“The Hound of the Baskervilles” is a book written by Sir Arthur Conan Doyle, published in 1902. Here we are told a story full of suspense and with many unsolved mysteries, where the presence of a rare and evil-looking dog, He is the suspect in the incidents that arise.
Characters from “The Hound of the Baskervilles”:
The main character in the story is Detective Sherlock Holmes. We also find other characters like Dr. James Mortimer; Sir Charles Baskerville, who passed away in Devonshire; Sir Henry Baskerville, who is the new teacher at Baskerville Hall; Sir Henry, Miss Stapleton; Selden, brother of Barrymor.
Summary of History:
The plot of this book takes place on Dartmoor, in Devon, a territory in the west of England. It all starts with the passing of his friend, Sir Charles Baskerville, who was found dead on his Devonshire property, as Mortimer now fears for his nephew and Sir Charles Baskerville’s only favored nephew. And although Charles’s death was due to a heart attack, Morter is suspicious because an expression of panic can be seen on the face of the deceased.
Within history, it is revealed that the Baskerville family has been cursed since the Civil War era. When Sir Henry arrives from Canada, he is seen with Holmes, as he received an anonymous note giving him a warning to flee the Baskerville moors. Then he realizes that one of his boots has disappeared from the hotel. Dr. Watson and Holmes decide to follow him back to his hotel and see a man following him in a taxi.
Barrymore and her husband also work at Baskerville Hall, and they want to leave that place as soon as possible. Watson listens to a woman who cries at night, and it is evident that it is Mrs. Barrymore, but the husband denies it. However, Watson cannot find any evidence that Barrymore was in Devon when he was stalked in London, and runs into his brothers who live nearby. Miss Stapleton mistakes Watson for Sir Henry and suggests that he should go.
Some time later Barrymore and Sir Henry are attracted to each other and this angers Stapleton. However a few days later he invites Sir Henry to dinner. Watson and Sir Henry are suspicious of Barrymore, as they discover that he was in a room with a candle. He later confesses that Selden is his brother, whom they find dead due to a fall.
They first confused Selden with Sir Henry, as he was wearing old clothes that day. Later at Baskerville Hall, Holmes notices the similarity that exists between a painting by Hugo Baskerville and Stapleton. So he thinks it may be an unknown member of the Baskerville family, which was trying to claim his fortune when he eliminated his relatives. So Holmes and Watson head to Stapleton’s house, where Sir Henry is having dinner. Stapleton releases a dog and they manage to rescue it, while Sir Henry returns to his house by the moor.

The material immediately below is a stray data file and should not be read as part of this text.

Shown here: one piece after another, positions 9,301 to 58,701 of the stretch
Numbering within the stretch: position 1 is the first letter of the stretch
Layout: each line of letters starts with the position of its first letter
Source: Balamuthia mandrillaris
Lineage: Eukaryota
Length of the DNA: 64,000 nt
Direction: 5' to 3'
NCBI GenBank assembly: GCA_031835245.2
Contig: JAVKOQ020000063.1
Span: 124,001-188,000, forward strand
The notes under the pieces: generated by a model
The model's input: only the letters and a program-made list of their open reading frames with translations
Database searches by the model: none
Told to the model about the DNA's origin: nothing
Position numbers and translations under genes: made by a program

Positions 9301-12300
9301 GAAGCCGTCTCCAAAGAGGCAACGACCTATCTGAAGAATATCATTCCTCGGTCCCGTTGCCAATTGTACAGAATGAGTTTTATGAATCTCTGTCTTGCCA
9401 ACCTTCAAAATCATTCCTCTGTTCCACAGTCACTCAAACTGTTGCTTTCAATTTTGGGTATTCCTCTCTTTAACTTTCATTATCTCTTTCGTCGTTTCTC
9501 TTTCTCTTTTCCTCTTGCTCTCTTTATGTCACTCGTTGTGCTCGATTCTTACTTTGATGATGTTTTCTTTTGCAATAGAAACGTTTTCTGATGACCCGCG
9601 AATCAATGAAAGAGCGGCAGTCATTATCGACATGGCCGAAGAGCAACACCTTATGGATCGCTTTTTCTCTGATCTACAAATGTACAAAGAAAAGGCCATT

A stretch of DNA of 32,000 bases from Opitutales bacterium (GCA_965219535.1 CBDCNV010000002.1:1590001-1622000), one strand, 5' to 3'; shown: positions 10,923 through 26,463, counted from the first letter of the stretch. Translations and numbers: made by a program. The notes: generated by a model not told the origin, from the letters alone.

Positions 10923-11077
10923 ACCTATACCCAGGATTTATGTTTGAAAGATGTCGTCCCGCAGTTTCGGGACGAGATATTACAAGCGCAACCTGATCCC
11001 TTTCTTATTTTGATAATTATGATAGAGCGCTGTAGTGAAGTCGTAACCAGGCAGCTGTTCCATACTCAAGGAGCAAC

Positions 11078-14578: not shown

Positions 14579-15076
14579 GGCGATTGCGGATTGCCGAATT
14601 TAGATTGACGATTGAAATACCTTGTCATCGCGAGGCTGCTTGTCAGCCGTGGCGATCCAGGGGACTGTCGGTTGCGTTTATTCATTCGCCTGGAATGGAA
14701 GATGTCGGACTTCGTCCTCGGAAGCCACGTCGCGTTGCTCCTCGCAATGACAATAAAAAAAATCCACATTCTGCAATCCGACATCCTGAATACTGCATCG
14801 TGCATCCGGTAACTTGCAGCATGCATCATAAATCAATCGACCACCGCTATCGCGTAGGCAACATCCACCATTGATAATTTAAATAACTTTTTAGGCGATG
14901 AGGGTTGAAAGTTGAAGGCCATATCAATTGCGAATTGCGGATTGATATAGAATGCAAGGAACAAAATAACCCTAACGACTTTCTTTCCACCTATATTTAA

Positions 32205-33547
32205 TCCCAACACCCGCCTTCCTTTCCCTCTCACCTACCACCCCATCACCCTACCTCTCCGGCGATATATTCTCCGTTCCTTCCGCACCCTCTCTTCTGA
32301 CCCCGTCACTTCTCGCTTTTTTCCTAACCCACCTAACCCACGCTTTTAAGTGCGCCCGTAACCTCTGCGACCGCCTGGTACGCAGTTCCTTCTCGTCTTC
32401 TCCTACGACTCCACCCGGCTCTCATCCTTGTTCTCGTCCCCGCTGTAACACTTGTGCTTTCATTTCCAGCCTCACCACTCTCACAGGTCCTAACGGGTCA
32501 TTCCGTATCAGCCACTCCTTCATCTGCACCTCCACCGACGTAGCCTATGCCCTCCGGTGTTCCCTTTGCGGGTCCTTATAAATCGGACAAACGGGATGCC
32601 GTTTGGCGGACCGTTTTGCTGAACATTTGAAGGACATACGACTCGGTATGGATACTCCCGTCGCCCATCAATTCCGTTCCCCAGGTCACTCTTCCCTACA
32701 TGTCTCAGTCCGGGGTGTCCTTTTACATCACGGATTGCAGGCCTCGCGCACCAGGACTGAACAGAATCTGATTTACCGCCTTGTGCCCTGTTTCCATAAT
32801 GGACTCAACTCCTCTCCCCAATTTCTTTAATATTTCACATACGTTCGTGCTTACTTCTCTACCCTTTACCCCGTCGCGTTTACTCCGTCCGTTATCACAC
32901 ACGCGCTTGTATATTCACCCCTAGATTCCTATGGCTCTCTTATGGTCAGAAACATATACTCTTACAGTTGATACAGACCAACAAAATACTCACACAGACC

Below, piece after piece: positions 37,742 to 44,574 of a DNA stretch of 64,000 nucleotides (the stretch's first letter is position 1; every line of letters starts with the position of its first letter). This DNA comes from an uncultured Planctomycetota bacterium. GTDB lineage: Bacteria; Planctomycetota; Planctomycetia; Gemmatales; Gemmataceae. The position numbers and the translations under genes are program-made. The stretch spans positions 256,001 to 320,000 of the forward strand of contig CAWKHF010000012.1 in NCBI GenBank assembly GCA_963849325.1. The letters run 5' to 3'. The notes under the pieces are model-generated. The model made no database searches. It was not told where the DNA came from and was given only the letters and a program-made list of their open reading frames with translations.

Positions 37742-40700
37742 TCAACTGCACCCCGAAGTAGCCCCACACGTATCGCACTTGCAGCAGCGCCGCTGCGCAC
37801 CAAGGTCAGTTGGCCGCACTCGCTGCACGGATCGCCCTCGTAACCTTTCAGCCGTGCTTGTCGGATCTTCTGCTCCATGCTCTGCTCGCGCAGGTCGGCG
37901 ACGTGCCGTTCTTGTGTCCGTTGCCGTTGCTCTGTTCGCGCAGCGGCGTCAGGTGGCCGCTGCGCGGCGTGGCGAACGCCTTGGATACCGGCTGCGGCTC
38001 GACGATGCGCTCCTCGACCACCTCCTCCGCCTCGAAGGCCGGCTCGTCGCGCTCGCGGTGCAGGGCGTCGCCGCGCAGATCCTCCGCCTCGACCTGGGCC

Sherlock shoots the animal and says that it was a deadly dog from a mix of hound and mastiff, and it was painted with phosphor to give it an evil appearance. After this they see Miss Stapleton gagged and bound in her home. In the same way they find Sir Henry’s boot, which he used so that the dog had the scent of it.
Analysis of the work:
“The Hound of the Baskervilles” is a book that offers us a detective story, full of suspense. The author of this work, Conan Doyle presented this book to us after his return from South Africa, where he had the opportunity to work as a medical volunteer in Bloemfontein.
The story he reveals is the product of a legend based on Richard Cabell in 1600, who was a squire who had a penchant for hunting, and had the reputation of being very bad, because it was said that he had sold his soul to the devil himself. When he died in 1677 they buried him in his grave, and on the day of his burial a ghost appeared in the shape of a dog walking all over the moor and howling in his grave. And since that night, the ghost appears, especially the day of his death.
In this sense, “The Hound of the Baskervilles” is based on a legend, where the author adds literary elements that give life to a police story, full of suspense and mysteries that remain unsolved.
In the same way, we are presented as a central character by a detective who is in charge of looking for clues that will help him decipher the mystery of the deaths that occurred, in which the fall of horror, for example Charles, was the beginning of the investigation but also of uncertainty. There begins the development of the plot, where the reader must put together the puzzle and glimpse the implicit message.
“You may not be bright yourself, but you are a good conductor of light.”
“That which is known and clarified is less terrifying than that which is only hinted at or imagined.”
“His eyes had the hard, dry shine they gave off when something interested him intensely.”
“The world is full of obvious things that many people never observe.”
“We may waste time following the wrong track, but sooner or later we will find the right one.”
“I give you my word that I will be very happy to have you back safe and sound on Baker Street again.”
“I myself am aware of a heavy heart and a sense of impending danger always present.”
“That meant everything to me; peace of mind, happiness, self-respect. Everything”.
“Was he our evil enemy or was he by chance our guardian angel?”
“That cold, incisive and ironic voice could belong to only one man in the world.”
“And I knew, from the shudder in his voice, that he, the iron man, trembled to the soul.”